Remember a week or so ago when I showed you all the oranges I bought on a whim on my way back from the beach in Ventura?
The first thing I made with them is a delicious Orange Marmalade. To all you marmalade haters out there, let me ask a question. Have you ever had homemade marmalade? It is so orangy, so sweet yet so tart, so amazingly yummy that you may just like it if you try it. I used a recipe from the Ball Blue Book: Guide To Preserving. It is a simple and delicious recipe! The perfect balance between tart and sweet.
I had never made homemade orange marmalade before. I’d made blueberry marmalade, and I figured that this wouldn’t be that different. So, I pulled out my Ball canning book, found the recipe, and got started without reading the entire recipe. Guess what? It was different. My blueberry marmalade recipe had me cook the orange peel first with some baking soda. I think it was a 5-10 minute process for the peel, then I continued with the recipe. It was ready to can in less than an hour. I assumed this would be the same. It wasn’t.
I got started and realized I needed to cook it a little, and then let it sit for 12-18 hours before continuing. It was a very good thing that I started this at night, otherwise, I would have been making marmalade at midnight. (Though, that would have made a good blog post title.) Before I continue, let me share the recipe I used.
Adapted from the Ball Blue Book: Guide To Preserving
2 cups thinly sliced orange, lemon, and lime peel (about 10 medium oranges or 8 oranges and a couple of lemons and limes)
1 quart (4 cups) chopped orange pulp (about 10 medium)
1 cup thinly sliced lemon and lime, seeded (about 2 medium lemons or 3 small lemons and 2 small limes)
2-3 tablespoons bottled lemon juice
1 1/2 quarts (6 cups) water
6 1/2 cups sugar (may need to be adjusted for your batch, see instructions)
** Remember! Marmalade gets very hot. Take care that you do not get burned while you make it. Using canning tools makes it a lot easier. You may want to use gloves. **
Combine all ingredients, except sugar, in a large saucepan and simmer for 5 minutes. Cover and let stand for 12-18 hours in a cool place. Cook rapidly until rind is tender. Measure fruit and liquid. Add 1 cup of sugar for each cup of fruit mixture. Stir until the sugar dissolves. Bring sugar/fruit mixture to a boil over high heat, stirring constantly. Cook rapidly until almost at gelling point (gelling point is 9 degrees Fahrenheit above the temperature at which water boils at your altitude). As mixture thickens, stir frequently to prevent sticking.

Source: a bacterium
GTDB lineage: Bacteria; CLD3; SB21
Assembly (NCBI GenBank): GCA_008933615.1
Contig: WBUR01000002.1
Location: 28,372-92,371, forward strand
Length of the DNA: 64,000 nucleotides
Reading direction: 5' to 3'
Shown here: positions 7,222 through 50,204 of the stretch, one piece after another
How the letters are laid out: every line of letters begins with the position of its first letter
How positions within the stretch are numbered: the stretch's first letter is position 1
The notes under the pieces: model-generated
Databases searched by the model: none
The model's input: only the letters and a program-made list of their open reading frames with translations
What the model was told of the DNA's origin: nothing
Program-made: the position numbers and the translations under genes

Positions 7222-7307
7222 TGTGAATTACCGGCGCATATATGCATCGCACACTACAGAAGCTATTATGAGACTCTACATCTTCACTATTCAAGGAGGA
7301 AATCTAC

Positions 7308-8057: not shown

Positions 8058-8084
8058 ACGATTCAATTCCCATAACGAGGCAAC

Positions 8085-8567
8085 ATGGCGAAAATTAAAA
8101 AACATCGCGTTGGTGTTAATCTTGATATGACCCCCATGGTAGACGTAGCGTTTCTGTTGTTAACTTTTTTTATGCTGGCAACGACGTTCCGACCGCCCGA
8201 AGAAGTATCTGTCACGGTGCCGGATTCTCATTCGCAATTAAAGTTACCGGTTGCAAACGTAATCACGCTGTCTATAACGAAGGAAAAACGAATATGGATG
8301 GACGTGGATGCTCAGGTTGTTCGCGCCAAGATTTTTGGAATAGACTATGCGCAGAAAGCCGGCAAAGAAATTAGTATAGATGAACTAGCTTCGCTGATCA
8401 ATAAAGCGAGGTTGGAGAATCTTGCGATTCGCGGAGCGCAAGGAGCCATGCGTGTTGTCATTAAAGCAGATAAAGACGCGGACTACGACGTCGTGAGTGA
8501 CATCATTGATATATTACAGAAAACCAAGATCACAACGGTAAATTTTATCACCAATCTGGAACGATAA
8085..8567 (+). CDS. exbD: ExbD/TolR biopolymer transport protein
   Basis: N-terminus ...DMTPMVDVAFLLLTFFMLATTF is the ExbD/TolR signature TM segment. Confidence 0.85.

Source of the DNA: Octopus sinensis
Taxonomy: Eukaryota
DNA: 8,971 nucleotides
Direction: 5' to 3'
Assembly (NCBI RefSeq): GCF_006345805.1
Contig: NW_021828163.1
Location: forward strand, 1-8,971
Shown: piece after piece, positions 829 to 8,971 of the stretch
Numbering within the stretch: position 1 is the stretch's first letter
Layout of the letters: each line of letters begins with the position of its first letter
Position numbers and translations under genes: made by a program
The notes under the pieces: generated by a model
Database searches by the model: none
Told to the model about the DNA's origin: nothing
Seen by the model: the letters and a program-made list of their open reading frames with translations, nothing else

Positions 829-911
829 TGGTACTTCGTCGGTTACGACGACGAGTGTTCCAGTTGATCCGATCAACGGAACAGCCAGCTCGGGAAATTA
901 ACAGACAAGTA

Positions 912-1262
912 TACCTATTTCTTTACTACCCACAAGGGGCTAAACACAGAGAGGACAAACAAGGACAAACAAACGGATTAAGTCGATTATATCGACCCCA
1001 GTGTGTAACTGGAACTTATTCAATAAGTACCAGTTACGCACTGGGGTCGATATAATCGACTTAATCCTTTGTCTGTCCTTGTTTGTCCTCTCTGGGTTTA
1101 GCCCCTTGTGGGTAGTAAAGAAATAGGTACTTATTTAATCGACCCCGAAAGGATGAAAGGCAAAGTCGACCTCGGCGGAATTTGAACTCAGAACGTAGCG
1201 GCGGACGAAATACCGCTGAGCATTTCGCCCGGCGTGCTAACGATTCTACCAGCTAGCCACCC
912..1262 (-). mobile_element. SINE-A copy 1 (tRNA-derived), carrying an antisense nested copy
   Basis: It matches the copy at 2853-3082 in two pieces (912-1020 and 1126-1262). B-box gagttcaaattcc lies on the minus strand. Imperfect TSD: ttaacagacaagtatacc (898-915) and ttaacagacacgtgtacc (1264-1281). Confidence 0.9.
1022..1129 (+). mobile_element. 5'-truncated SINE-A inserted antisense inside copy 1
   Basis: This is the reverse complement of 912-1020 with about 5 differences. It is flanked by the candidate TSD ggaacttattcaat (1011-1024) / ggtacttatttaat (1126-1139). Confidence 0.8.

Remove from heat. Skim foam, if necessary. Ladle hot marmalade into hot jars, leaving 1/4 inch headspace (space between the top of the marmalade and the top of the jar). Using a wet paper towel, clean the rims of the jars to remove any marmalade and to ensure a good seal. Put seal on jar, then add ring. Tighten to “fingertip tight.” Do not over tighten! Process jars 10 minutes in a boiling water bath canner, ensuring the jars are covered with at least 2 inches of water.
After processing, remove from canner with a jar lifter and set on a rack or dish towel to cool. Do not remove the rings (lids) yet! Wait at least 12-24 hours, then check the seal. If the jar is not sealed, you may put the marmalade in the fridge and use it as you would any jam/jelly/marmalade. Once jars are completely cool, and you’ve verified that the jars are sealed, and before storing, remove the rings from the jars. Label jars with contents and date. For best quality, use within 1 year. Most jam/jelly/marmalade is good for longer than 1 year, but the flavor is best if used within the year.
Let me show you what I did with a photo step-by-step.
For my next batch of marmalade, I’m going to try a recipe which uses baking soda with the orange peel. I’ll taste both and let you know how they compare. Although, I’m seriously tempted to stick with this recipe. It’s super yummy!
Have you ever canned anything? If not, do you want to learn how?
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